The festival-within-a-festival that is the Widescreen Weekend pre-dates its parent the Bradford International Film Festival (BIFF) by a whole year.
Given that BIFF has racked up 20 editions that’s saying something. But for the widescreen buffs who travel from the far ends of the world to gather in Bradford each year it represents something wholly unique in the UK film festival calendar.
For the uninitiated the Widescreen Weekend showcases those great old formats – and those great old films – that were once regular attractions in our cinemas.
Think back to CinemaScope, VistaVision and Cinerama and there is a celluloid link that trails back to the golden age of cinema. Modern audiences can thrill to the latest IMAX release but it really all began with those far-off days and those ground-breaking processes.
The regulars who benignly invade the National Media Museum on an annual basis come from the United States, Australia and all across Europe. For many it represents a holiday – not so much a film festival as a convention.
The talk is of aspect ratios, lenses, cameras and, of course, formats.
Among the devotees is Duncan McGregor, projection team manager at the National Media Museum and latterly the festival’s widescreen programmer.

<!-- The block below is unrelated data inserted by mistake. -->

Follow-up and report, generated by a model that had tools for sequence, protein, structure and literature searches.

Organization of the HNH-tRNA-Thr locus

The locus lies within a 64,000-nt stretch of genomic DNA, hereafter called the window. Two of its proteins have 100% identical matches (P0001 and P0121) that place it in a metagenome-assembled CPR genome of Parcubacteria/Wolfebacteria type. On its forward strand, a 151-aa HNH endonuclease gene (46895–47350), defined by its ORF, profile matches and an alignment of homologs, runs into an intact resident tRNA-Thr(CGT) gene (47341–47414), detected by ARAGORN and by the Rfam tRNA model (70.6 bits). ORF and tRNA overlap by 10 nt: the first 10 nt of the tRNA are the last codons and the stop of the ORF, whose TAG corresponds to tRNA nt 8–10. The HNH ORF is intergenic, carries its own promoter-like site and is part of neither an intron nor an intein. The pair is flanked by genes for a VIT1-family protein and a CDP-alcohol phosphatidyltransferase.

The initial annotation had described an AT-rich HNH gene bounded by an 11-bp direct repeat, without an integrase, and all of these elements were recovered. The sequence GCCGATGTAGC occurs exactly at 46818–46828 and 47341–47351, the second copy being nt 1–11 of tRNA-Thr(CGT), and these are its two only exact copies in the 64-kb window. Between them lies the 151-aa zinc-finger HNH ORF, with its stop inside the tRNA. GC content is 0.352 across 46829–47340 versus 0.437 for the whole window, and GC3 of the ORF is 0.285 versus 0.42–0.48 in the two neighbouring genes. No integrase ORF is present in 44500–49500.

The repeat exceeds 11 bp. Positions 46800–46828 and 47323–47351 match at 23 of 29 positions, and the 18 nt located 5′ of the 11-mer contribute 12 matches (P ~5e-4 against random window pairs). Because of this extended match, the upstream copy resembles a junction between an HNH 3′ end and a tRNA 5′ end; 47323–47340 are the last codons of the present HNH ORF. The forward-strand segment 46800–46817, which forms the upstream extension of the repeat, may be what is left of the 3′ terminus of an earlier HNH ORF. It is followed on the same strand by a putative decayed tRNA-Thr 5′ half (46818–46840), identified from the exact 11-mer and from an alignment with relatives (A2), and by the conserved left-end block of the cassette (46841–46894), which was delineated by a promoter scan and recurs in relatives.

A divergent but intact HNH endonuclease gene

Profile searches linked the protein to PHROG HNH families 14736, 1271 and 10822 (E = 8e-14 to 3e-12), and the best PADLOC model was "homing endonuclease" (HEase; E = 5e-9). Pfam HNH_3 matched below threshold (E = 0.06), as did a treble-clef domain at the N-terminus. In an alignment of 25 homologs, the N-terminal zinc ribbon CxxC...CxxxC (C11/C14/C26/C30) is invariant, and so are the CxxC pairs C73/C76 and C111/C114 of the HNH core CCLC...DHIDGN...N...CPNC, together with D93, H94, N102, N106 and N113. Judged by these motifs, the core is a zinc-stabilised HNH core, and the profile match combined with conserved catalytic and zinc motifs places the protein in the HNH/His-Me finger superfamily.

This week he has vacillated between nervousness and relief. The nerves came courtesy of news that a scarce 70mm print of West Side Story had been damaged in transit and was unplayable. Relief quickly followed when a replacement print was located.
McGregor has been a part of the Widescreen Weekend long enough to recognise that aficionados expect to see what is advertised. No DVD replacements here; only the real McCoy will do.
Some of the 2014 line-up comes courtesy of the museum’s own film archive. One title being dusted off is the Eighties classic City Heat, starring Clint Eastwood and Burt Reynolds. Says McGregor: “It probably hasn’t been played since its original release in 1985.”
The retro appeal of such widescreen gems is what makes the event such a draw. In 2012 the team celebrated the 60th anniversary of Cinerama – the museum still operates one of the only Cinerama projectors in the world – and in 2013 focused on CinemaScope.
This year the celebration centres on VistaVision with a presentation of White Christmas.
McGregor is on a proselytising mission: to screen the biggest movies, as they should be seen – on a big screen.
And in Pictureville buffs can wallow in the best environment courtesy of the cinema David Puttnam called “the best in the world”.
Other titles in the line-up include Luc Besson’s The Big Blue, John Carpenter’s Big Trouble in Little China and James Cameron’s Terminator 2: Judgment Day.
Eastwood fans get a second chew of the cheroot with For a Few Dollars More, the second in the Man with No Name western trilogy and a title chosen by Professor Sir Christopher Frayling, the author, academic and broadcaster who will present a lecture on western icon Sergio Leone.
Widescreen Weekend, 10-13 April, Bradford International Film Festival